Nearly 17 years after delivering Tales From the Thousand Lakes, arguably the most influential metal album the great metal nation of Finland has ever put out, Amorphis finds itself enjoying a significant career upswing as of late. As recent as 2004, you couldn’t have predicted that would ever happen, as the band was starting to stagnate creatively. Despite the subtle strengths of 2004’s vastly underrated Far From the Sun (a record both the band and its fanbase have since disowned), it was clear Amorphis badly needed a good shot in the arm, which came a year later when longtime singer Pasi Koskinen was replaced by the relatively unknown Tomi Joutsen. With his long dreadlocks and outgoing stage presence, Joutsen was a big change from the more enigmatic Koskinen, but the real improvement was heard when he sang. Not only is Joutsen capable of a massive death metal roar, but he continually displays surprising clean vocal range, and the band’s songwriters – guitarists Esa Holopainen and Tomi Koivusaari, and keyboardist Santeri Kallio – took full advantage of that latter talent on 2006’s revelatory Eclipse. The singles were crossover successes in their home country, the album was a critical success, and most importantly, Amorphis suddenly found its fanbase expanding significantly.
Since then it’s been full speed ahead for the veteran musicians, as Amorphis has been very busy churning out the product, seeming like a band reborn. 2007’s Silent Waters and 2009’s Skyforger were even better records as Joutsen grew into his role. Last year’s Magic & Mayhem was a surprisingly effective collection of re-recorded classics with Joutsen at the helm, while the CD/DVD Forging the Land of Thousand Lakes was a superb, detailed combination of live performances and a career retrospective. 2011, meanwhile, sees the band hopping right back on the horse again, and Amorphis’s tenth album continues that remarkable positive momentum the sextet has been riding these last five years.
One of the best things about this current incarnation of Amorphis is how the band can put together a rather loftily-themed concept album about its Finnish heritage, yet remain accessible throughout. If you’re into folklore and Finland’s national epic “Kalevala”, Amorphis never disappoints, but if you couldn’t care less about the messages and just want to experience the music on a more visceral level, that’s just fine as well, the music is plenty catchy and engaging enough. Consequently, although the focus of The Beginning of Times, this time around, is on the character Väinämöinen, the protagonist from the Kalevala, the overly arch lyrics never detract from the music, and for the fourth album in a row, the music is where the real strengths of this band lie.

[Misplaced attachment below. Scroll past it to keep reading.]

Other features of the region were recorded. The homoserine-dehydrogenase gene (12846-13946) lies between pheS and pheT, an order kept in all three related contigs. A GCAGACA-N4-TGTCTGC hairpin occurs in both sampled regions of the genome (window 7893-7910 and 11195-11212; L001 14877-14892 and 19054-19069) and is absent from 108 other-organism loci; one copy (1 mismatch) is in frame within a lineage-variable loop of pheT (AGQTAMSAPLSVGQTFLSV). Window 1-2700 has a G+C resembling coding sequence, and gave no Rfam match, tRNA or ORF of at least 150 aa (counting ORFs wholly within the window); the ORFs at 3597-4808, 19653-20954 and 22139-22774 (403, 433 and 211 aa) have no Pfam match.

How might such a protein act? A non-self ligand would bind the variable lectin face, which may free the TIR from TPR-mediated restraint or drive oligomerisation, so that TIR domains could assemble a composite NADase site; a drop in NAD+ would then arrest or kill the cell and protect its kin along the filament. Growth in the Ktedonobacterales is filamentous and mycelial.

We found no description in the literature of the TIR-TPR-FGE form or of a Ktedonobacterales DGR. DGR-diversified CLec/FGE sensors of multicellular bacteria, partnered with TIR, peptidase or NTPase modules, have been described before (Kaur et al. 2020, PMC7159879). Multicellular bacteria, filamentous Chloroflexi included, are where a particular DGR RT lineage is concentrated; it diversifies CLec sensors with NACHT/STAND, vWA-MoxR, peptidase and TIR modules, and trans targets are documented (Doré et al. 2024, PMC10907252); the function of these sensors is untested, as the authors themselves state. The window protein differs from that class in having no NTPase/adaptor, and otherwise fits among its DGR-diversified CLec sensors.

Amorphis has been reliant on a distinct formula for four straight albums now, but it’s a good one. The influence of Finnish folk melodies is still subtly present in the guitar and keyboard melodies, but gone is the progressive rock inclination that the band was tinkering with before Joutsen came along. Instead, it’s a slick, classy blend of death metal and melodic hard rock, massive riffs offset by the ornate keyboard melodies by Kallio, a perfect backdrop for Joutsen to showcase his versatility. What sets The Beginning of Times apart, however, is its restrained feel. The past three albums have been dominated by superb, pop-infused singles, but this record is more even-keeled. So while that big hooky moment never really happens, it’s still a consistent, very strong piece of work.
The first half of the album emphasizes the band’s accessible side very well. “Battle For Light” kicks it off in understated fashion, Joutsen alternating between clean and harsh vocals atop a wistful, Celtic-inspired melody by Kallio. “My Enemy” is the closest we get to a song on the level of “House of Sleep” or “Silver Bride”, but Joutsen pays up the band’s aggressive side a lot more during the verses than we expect. “Mermaid” and “You I Need” see keyboard and guitar melodies interweaving beautifully, “Song of the Sage” bears a strong similarity to the last ten years of Iron Maiden, and “Reformation” utilizes harmony vocals to great effect, all without compromising the band’s more metallic side. At 54 minutes the album does overplay its hand a touch, but that doesn’t diminish The Beginning of Times much at all. It’s a great pleasure to see Amorphis going through such a significant creative renaissance, and it’s further proof that with Joutsen, this band has never sounded better.